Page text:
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Methods

A retrospective cohort study was conducted between November 2014 and August 2016 in a maternity in the Southeast of Brazil. The sample comprised pregnant women with indication for labor induction with vaginal misoprostol. The inclusion criteria were singleton pregnancy with live fetus, gestational age > 40 weeks, and premature rupture of membranes > 34 weeks in the absence of signs of maternal infection. The exclusion criteria were previous uterine scar, cephalopelvic disproportion, and abnormal presentations. The study was approved by the Research Ethics Committee (CAAE: 62832016.7.0000.5145), and informed consent was obtained from the participants.

Labor induction was performed with 25-µg tablets of misoprostol in pregnant women with Bishop scores < 6. The drug was inserted in the posterior vaginal fornix at a dosage of 1 tablet every 6 hours for a maximum period of 48 hours (200 µg = 8 tablets). In the cases in which labor was initiated, oxytocin was administered by a continuous infusion pump at an initial rate of 12 mL/h and increasing to 196 mL/h. In cases of absence of labor, induction was deemed unsuccessful after eight tablets were inserted in the vagina of a pregnant woman with an intact amniotic sac and without changes in the uterine cervix. In cases of premature rupture of membranes, induction was deemed unsuccessful after four tablets were inserted and no changes occurred in the uterine cervix.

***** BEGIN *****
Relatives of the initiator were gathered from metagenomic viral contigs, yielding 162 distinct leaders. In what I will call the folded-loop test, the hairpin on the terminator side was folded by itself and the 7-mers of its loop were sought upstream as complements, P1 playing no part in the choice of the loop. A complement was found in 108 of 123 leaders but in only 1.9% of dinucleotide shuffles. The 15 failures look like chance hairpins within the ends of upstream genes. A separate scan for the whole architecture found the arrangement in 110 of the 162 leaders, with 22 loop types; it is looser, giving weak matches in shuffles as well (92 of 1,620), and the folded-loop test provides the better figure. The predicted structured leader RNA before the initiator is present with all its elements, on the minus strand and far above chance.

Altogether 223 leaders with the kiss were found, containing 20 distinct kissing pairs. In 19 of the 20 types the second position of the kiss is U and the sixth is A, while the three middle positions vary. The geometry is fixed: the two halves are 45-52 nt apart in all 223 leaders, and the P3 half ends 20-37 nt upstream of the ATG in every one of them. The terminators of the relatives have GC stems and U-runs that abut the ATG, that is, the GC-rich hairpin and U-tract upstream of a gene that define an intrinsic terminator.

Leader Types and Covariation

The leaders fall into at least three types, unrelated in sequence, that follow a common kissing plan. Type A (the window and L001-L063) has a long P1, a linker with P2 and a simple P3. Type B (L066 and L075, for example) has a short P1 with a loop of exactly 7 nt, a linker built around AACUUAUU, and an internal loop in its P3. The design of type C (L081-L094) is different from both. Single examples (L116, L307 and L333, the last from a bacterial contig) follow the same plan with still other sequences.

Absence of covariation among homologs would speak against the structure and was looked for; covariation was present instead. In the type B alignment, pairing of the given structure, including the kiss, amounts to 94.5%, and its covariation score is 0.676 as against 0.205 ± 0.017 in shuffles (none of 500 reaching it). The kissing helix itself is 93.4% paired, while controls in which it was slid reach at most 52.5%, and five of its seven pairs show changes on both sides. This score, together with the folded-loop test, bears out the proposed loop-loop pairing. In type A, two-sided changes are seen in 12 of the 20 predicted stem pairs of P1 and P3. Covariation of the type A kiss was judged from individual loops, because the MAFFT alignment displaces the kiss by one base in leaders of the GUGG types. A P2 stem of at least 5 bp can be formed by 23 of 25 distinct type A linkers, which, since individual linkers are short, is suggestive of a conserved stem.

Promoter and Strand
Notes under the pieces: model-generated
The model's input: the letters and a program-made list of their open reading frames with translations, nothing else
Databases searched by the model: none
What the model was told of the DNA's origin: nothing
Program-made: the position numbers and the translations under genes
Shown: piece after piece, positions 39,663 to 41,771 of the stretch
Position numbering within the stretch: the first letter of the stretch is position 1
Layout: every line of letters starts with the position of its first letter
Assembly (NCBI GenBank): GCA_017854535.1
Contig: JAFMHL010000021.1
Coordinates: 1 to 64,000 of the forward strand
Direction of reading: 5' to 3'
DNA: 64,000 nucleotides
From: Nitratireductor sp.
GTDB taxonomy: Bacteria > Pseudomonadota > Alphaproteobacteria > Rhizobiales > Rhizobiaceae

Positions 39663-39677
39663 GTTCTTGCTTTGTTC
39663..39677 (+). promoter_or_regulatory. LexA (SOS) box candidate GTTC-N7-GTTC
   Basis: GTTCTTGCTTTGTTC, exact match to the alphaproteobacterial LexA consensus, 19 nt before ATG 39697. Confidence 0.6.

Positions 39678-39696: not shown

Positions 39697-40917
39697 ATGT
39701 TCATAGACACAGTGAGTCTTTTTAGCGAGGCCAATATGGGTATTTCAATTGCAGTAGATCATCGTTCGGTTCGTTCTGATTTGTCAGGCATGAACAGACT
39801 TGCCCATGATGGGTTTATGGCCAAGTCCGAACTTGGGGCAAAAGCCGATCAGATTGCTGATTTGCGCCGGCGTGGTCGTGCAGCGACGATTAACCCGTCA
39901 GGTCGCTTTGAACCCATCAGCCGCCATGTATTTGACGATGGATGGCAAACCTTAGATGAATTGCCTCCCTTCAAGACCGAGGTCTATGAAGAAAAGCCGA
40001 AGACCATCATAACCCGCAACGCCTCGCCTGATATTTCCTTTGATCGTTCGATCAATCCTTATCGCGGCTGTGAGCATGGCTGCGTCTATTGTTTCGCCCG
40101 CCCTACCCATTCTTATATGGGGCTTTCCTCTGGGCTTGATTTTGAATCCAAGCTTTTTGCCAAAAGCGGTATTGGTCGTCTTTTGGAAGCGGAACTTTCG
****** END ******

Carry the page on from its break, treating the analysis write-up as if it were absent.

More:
The dependent variables of this study were mode of delivery (vaginal or cesarean section), amniotic sac condition (intact or ruptured), number of tablets used (one to eight tablets), and duration of labor (time in hours between the beginning of induction and delivery). The control variables were maternal age and parity. The women selected for the study were recruited through a search in the computerized medical record system (Soul MV, MV Informática Nordeste Ltda, Recipe, PE, Brazil) of one of our institutions using the term misoprostol 25 µg as the search filter. Subsequently, an active search on the medical records obtained from the previous search to collect the relevant data on the procedure was conducted.